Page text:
On November 10, 2021, National Labor Relations Board (“NLRB”) General Counsel Jennifer Abruzzo issued a memorandum outlining employers’ bargaining obligations with respect to compliance with OSHA’s Emergency Temporary Standard to Protect Workers from Coronavirus (“ETS”).
As we previously reported, the ETS requires employers with 100 or more employees to implement mandatory vaccination policies by early December. Employers can exempt employees from the mandatory vaccination policy only if the employer also maintains and enforces a policy that requires those employees to wear face coverings at work and submit to regular COVID testing.
The Fifth Circuit Court of Appeals recently issued a stay of enforcement of the ETS, finding that it may exceed OSHA’s emergency rulemaking authority. However, the stay may have limited effect because all challenges to the ETS nationwide will soon be consolidated for review by a single circuit court selected through a multi-jurisdictional lottery. Subsequent review by the Supreme Court of the United States is likely.
Under the National Labor Relations Act (“NLRA”), employers generally have two different types of bargaining obligations with respect to the terms and conditions of employment for employees that are represented by a union: decisional bargaining and effects bargaining. Decisional bargaining refers to an employer’s obligation to bargain with the union before implementing a change to the terms and conditions of employment. Effects bargaining refers to an employer’s obligation to bargain about the effects of the decision.
In her memorandum, the General Counsel notes that employers have both types of bargaining obligations with respect to the ETS. In particular, the memorandum states that “covered employers would have decisional bargaining obligations regarding aspects of the ETS that affect terms and conditions of employment.” Although the memorandum acknowledges the long standing rule that an employer does not have an obligation to bargain about changes to terms and conditions of employment that the employer is required by law to make, the memorandum notes that employers do have to bargain with the union where an employer has certain discretion regarding how to enact the required change. Here, the ETS allows employers to either mandate vaccination for all employees or require employees to either become vaccinated or undergo regular testing if they refuse the vaccine. Given this discretion, the General Counsel takes the position that the employer must bargain with the union regarding whether to implement a vaccine mandate or implement a vaccine and testing policy.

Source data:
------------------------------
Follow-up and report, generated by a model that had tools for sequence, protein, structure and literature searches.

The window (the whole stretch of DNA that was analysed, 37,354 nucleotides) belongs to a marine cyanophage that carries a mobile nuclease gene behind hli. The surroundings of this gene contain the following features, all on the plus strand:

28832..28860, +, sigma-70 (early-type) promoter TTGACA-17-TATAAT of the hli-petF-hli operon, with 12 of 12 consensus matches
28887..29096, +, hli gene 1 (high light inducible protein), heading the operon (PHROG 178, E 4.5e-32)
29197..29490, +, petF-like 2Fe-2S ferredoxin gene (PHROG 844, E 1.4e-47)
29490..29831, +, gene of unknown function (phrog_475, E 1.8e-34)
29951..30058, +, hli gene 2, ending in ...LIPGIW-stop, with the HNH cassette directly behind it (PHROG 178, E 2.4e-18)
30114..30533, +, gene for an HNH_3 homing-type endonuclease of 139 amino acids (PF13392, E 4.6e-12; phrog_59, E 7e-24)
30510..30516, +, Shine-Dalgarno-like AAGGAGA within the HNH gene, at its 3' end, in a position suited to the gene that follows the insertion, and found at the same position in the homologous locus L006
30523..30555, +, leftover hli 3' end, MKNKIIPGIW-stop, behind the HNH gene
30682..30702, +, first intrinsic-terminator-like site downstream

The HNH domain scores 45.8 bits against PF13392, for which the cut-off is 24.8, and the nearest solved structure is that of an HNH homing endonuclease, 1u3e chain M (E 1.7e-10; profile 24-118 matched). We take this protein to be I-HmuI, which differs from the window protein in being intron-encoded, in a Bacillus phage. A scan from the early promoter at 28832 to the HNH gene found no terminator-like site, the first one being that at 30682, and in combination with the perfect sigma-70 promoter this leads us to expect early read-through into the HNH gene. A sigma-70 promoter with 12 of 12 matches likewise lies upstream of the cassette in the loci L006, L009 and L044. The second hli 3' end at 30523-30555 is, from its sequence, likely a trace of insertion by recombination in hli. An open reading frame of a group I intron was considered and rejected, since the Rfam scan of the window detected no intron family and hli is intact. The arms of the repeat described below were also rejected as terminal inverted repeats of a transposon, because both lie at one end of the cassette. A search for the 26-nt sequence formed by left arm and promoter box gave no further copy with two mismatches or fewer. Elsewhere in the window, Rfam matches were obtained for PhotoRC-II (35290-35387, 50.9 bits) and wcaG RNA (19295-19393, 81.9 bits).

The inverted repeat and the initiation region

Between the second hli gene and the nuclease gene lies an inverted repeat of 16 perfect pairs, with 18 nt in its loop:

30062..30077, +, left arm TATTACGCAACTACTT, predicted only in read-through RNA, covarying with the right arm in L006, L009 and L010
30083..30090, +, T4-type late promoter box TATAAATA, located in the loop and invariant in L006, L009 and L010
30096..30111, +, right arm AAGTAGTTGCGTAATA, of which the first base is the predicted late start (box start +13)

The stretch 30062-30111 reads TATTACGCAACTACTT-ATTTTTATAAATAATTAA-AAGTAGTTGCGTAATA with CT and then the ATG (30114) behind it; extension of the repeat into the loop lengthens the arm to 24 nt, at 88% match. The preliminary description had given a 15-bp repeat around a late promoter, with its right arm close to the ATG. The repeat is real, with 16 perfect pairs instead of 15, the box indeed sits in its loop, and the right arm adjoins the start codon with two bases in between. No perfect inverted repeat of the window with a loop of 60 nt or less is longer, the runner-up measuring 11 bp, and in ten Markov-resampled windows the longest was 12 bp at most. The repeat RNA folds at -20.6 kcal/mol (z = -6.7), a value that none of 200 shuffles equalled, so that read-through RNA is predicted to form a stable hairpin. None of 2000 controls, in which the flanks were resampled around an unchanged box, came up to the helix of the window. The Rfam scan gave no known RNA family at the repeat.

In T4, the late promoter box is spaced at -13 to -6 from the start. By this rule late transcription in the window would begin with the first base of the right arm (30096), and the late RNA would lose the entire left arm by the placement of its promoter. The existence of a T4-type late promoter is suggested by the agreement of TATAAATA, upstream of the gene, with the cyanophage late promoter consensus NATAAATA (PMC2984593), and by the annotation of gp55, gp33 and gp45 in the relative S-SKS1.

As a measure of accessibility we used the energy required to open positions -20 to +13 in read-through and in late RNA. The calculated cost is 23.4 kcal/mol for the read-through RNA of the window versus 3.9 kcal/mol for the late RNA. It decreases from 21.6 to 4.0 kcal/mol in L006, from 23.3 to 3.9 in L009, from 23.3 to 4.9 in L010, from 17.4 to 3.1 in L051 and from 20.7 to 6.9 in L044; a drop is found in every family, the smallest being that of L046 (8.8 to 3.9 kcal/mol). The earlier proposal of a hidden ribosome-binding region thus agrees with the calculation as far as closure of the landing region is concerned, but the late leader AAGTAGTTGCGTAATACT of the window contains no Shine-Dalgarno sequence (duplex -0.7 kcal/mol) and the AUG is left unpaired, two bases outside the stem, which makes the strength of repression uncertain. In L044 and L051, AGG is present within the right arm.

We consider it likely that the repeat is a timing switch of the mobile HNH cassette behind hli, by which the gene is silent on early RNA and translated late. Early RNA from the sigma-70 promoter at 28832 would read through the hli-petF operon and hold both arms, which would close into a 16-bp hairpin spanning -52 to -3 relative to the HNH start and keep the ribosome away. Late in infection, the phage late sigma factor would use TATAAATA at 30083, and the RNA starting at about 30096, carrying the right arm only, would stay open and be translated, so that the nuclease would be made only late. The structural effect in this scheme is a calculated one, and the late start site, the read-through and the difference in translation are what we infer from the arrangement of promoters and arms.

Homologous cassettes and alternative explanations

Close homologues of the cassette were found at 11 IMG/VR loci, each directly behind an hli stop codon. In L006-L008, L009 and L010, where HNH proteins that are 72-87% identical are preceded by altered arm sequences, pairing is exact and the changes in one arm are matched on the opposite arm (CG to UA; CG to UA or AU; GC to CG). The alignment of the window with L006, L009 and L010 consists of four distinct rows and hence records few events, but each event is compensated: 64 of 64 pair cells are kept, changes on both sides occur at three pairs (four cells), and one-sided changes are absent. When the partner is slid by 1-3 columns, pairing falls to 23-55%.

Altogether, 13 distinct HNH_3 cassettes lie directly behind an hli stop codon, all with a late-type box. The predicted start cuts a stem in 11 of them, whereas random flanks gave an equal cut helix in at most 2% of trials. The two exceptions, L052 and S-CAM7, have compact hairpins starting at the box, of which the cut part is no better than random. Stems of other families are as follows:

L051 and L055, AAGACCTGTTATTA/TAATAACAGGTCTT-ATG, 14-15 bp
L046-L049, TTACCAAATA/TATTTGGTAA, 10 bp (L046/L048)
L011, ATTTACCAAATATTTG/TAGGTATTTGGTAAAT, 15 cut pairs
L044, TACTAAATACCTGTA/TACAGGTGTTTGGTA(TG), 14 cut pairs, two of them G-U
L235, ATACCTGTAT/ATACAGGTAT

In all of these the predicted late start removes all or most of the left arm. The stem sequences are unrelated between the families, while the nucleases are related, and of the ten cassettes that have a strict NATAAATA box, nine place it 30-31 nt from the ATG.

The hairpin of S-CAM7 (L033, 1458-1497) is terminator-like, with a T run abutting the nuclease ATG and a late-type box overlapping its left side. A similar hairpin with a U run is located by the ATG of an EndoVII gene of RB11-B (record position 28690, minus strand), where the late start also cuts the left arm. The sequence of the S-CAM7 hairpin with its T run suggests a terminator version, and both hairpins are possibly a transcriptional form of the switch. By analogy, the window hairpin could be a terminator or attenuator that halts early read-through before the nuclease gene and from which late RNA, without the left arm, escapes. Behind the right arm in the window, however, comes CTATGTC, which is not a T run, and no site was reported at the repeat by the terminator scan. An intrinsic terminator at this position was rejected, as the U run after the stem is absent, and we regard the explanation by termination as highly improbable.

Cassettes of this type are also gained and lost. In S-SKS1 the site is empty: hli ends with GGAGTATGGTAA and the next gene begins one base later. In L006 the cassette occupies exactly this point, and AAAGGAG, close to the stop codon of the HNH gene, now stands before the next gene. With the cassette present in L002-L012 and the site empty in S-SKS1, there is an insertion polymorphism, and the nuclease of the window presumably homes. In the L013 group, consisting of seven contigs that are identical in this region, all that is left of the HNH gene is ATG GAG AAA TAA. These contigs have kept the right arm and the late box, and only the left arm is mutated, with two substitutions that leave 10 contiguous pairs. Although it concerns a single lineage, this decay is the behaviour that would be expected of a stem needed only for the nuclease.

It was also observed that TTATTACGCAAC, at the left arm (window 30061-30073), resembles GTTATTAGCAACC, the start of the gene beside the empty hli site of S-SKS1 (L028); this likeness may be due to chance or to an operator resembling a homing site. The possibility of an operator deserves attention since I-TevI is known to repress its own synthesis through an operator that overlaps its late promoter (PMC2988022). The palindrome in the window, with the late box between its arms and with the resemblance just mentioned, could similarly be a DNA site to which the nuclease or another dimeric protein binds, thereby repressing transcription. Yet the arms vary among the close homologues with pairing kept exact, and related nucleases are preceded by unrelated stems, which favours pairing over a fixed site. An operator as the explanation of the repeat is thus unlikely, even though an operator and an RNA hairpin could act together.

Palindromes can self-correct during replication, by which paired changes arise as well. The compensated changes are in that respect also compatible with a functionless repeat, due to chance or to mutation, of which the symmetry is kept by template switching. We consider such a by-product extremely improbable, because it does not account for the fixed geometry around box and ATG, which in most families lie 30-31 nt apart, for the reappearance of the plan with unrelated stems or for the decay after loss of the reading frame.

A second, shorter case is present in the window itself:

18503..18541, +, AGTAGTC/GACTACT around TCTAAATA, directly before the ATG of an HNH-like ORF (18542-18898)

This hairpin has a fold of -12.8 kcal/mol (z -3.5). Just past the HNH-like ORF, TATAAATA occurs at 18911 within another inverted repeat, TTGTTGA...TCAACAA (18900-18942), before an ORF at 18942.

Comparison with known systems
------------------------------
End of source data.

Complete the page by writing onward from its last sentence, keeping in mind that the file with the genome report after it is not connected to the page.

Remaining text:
In addition to decisional bargaining obligations, the memorandum notes that employers also have an obligation to bargain about the effects of the ETS-policy on employees, including, for example, whether to provide leave to employees who test positive for COVID-19 or how to treat employees that refuse to become vaccinated or submit to regular testing.
Put simply, the General Counsel’s memorandum serves as a clear reminder that employers cannot ignore their bargaining obligations with respect to the ETS. Though employers are required to implement a ETS-compliant policy, employers have certain statutory bargaining obligations regarding the form of the policy and its effects on employees.